AT LAST, A CANADA WATER AGENCY TO KEEP OUR WATER SAFE
INTERVIEW WITH PARLIAMENTARY SECRETARY, TERRY DUGUID
The transciption below has been edited for clarity and length.
WT - I have with me on the phone Terry Duguid. He's the parliamentary secretary to the Minister of Climate Change and Environment Canada. Thanks for doing this.
Duguid - It's great to be with you,
WT - In a past speech, you said that this new Canada Water Agency you are proposing will be similar to the PFRA. And I don't think most Canadians know what PFRA is and would not know why a similar agency would be set up for water. Can you explain some thinking around that?
Duguid - Sure, the Prairie Farm Rehabilitation Agency or PFRA, was founded in the depths of the Great Depression during the dirty 30s when prairie soil was blowing away and governments realized that they needed to come together and literally save the prairie landscape because we were in a drought cycle. Some of the agriculture going on during those days was not done in the appropriate way. So literally, there was the Dust Bowl, the dirty 30s, and great poverty.
The Prairie Farm Rehabilitation Agency was set up to introduce good land and water practices. And they were incredibly successful in assisting farmers, in carrying out agriculture in a more sustainable way so that the soil didn't blow away.
There were some areas that were not appropriate for planting crops, but more for grazing. And they led a little bit of a revolution on the prairies that really saved the prairie landscape and allowed for agricultureresulted in community growth. That agency was in place in the 1930s until about 2012, when the Harper government decided that they would dissolve it.
The FPRA was beloved by farmers, provincial governments had no issue with it, and one of its secrets of success is that it wasn't a regulatory agency. It was a collaborator, a source of local knowledge and best practices in agriculture. They ran a nursery so you could plant trees along water courses to ensure that erosion wasn't taking the soil away.
The Canada Water Agency, I would say, is inspired by the spirit of the Prairie Farm Rehabilitation Agency, but we want to take that spirit to the whole country, although we just released our discussion paper yesterday and we're embarking on consultations early in the new year. We want to hear from people, what their vision for a Canada Water Agency would be. We see it primarily as a source of funds, a source of knowledge, it will be a collaborator, a convener, not a regulatory agency, and it will work with provinces, territories, municipalities, Indigenous governments and stakeholders to better manage and protect our freshwater resources.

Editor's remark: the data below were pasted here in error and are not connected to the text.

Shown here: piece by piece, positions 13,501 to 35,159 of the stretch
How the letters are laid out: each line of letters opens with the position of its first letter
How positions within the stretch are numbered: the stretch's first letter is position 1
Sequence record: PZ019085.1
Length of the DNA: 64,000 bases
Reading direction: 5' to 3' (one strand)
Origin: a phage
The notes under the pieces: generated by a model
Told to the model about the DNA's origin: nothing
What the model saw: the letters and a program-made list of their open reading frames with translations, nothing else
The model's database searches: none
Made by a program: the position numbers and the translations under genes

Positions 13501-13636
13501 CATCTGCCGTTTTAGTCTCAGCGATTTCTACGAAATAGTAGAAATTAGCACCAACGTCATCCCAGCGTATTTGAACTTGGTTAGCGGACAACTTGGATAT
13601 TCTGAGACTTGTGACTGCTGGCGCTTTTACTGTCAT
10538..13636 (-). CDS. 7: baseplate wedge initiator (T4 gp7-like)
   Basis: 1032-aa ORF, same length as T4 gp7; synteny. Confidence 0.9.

WT- You might have touched on my next question, but I'll go ahead and ask it anyway. Some of the opinions I've garnered today around this new agency are concerned that if you don't have the ability to table legislation and to change things at the highest level and pass bills into law, why do this at all?
Duguid - Again, I would I take some lessons from the Prairie Farm Rehabilitation Agency, a good example of was a very mature federal institution that used its knowledge, its collaborative ability as power. Water management is a bit of a mess in our country because it's very fragmented. The federal government has responsibilities, the provincial governments have responsibilities, and Indigenous governments have jurisdiction and responsibilities. And then, of course, there are all the stakeholders, the agricultural community, conservation authorities, so it requires a coming together and coordination. And, that's something that legislation is not going to do. We have good legislation on the books to protect fish, to protect fresh water, but a lot of things fall through the cracks because we're simply not working together. And there are examples of where we are working together, where there is no legislation. We have the Great Lakes St. Lawrence community, the agreement between provinces and the federal government on managing those water bodies. It is done in a cooperative spirit. We need to do more, of course. So, I would respectfully disagree with these comments. You know, we can do a lot together when we do things collectively.
WT - In every press release and all the backgrounders I read about the water agency, it is said that Métis, Inuit, First Nations will be directly involved. I personally know a fair number of chiefs that have said to me that their issues around water don't really get addressed and they're wondering what's going to be different with the Agency compared to the status quo going in.
Duguid - I'm from the province of Manitoba. where we've had hydro developments in our North, where First Nations and Métis were not involved in the development of those hydro projects and the results have been very, very disastrous for communities and, you know, the impact on these communities is a terrible legacy. So, we need to do things differently. First Nations, Inuit and Métis need a seat at the table, and they are going to have a seat at the table. In our discussions, we are going to be working very closely with the national and regional organizations. We have already reached out and they have reached out to us saying that they want to be involved. But Indigenous governments, Indigenous communities absolutely must be involved, most of our water courses are in their traditional territories and they must be partners in this enterprise going forward. We are in a quite different era where we all need to work together, including with our Indigenous communities. We're absolutely committed to that and the discussion paper makes that very clear.
WT - Just to insert a quick follow-up to that. If a Métis, Inuit or First Nation has an issue, that has not been solved yet, would you tell them to bring it to you, and you can get them involved in the process and help with these issues?